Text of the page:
Antonius B Super Reviewer
  • Apr 06, 2015
    Vaguely tongue-in-cheek, Freaks is good but slightly tiresome in its over-the-top satirical view of the horror genre. In contemporary viewings, Freaks could be a wonderful metaphor for the dehumanisation that renders a victim of discrimation and prejudice socially and morally unconscious. It's smart and was released way before its time and has surprisingly aged extremely well, however it isn't as entertaining as some would have you believe. Nevertheless its increasingly iconic, has aged like a fine wine and deserves its place amongst the ranks of horror classics. "We accept her one of us we accept her one of us..."
    Harry W Super Reviewer
  • Feb 28, 2013
    Classic horror director Tod Browning's Freaks is a benchmark horror picture that has been praised for being a truly unique horror film. The controversy around this is quite legendary and before its release got cut significantly in an attempt to censor its content. Director Tod Browning used real sideshow performers with real deformities as a basis for his cast. In turn, Freaks has an authentic feel to it that if you really think about is quite horrifying and ultimately unsettling. This is a well executed picture that was banned and vilified and it ended the career of a promising director who's most famous work was Dracula starring Bela Lugosi. With every horror film that has been released since, it's hard to think that Freaks caused such astir upon release. If you love classic horror films, then give this one a shot. By today's standards it's a fairly harmless movie, but for horror fans that want to watch a classic piece of horror history, this is a must see film that will certainly appeal to genre fans. The film is very good, but will not appeal to everyone. However, fans should appreciate this gem for what it is, and there are some good performances here, and the tone of the movie is disturbing and it makes for quite the viewing experience. I think it's too bad that the film cost Browning's career, as you only imagine what other classic he could have made. Freaks is not perfect, but in terms of classic horror cinema, it is a picture that helped shape the genre for years to come. The fact that Browning has used real people with deformities is what has made this one stand out above other films, and it is what makes this picture so unique and shocking the process.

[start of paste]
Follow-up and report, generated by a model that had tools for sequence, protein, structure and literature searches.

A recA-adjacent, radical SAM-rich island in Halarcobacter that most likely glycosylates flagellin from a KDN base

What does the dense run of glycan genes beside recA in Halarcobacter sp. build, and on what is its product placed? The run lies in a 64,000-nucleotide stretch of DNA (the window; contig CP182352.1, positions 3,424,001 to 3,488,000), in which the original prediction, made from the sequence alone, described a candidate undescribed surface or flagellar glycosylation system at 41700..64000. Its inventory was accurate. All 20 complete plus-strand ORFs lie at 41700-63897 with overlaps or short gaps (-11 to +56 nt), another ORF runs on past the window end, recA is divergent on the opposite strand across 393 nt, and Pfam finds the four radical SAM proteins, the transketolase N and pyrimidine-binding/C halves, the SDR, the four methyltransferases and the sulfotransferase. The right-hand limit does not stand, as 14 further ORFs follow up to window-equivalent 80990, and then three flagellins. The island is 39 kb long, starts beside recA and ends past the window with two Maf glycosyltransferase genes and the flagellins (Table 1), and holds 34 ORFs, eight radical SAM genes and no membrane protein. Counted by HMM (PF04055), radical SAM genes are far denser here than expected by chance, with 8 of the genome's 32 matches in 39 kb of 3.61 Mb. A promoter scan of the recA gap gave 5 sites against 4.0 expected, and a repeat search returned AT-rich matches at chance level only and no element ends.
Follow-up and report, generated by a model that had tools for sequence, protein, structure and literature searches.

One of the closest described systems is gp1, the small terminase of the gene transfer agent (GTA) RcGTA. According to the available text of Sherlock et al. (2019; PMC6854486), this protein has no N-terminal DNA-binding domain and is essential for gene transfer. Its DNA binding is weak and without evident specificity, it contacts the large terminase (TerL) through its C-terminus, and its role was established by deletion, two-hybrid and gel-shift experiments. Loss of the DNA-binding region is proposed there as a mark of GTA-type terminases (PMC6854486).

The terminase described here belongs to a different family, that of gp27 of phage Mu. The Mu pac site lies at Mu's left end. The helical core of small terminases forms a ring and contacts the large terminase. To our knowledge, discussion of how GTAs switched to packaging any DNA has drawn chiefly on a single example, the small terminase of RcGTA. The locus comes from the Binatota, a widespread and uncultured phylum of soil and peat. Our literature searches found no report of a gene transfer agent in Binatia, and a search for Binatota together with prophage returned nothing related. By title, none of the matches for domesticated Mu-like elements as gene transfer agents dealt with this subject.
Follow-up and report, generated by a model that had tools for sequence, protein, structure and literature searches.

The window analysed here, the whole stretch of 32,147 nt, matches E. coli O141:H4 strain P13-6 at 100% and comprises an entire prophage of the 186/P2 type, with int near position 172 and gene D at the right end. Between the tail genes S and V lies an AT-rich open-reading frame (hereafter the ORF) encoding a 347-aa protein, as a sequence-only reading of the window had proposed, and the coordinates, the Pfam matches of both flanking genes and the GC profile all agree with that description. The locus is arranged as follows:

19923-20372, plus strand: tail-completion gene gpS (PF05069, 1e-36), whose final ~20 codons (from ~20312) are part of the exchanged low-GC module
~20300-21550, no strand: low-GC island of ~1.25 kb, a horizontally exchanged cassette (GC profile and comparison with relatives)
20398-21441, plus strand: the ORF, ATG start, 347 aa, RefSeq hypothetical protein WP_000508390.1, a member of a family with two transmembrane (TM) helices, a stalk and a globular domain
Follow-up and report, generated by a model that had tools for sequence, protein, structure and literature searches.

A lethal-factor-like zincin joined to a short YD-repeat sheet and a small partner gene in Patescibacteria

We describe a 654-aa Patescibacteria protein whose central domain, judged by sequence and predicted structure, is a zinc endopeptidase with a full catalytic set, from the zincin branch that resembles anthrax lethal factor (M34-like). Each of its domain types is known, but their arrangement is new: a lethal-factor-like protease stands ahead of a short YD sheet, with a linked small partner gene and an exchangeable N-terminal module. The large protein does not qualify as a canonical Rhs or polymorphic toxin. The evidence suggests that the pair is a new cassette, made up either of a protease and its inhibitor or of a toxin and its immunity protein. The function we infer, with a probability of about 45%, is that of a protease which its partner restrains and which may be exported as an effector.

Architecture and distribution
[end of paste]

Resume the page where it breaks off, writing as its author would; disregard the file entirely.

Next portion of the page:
Alex r Super Reviewer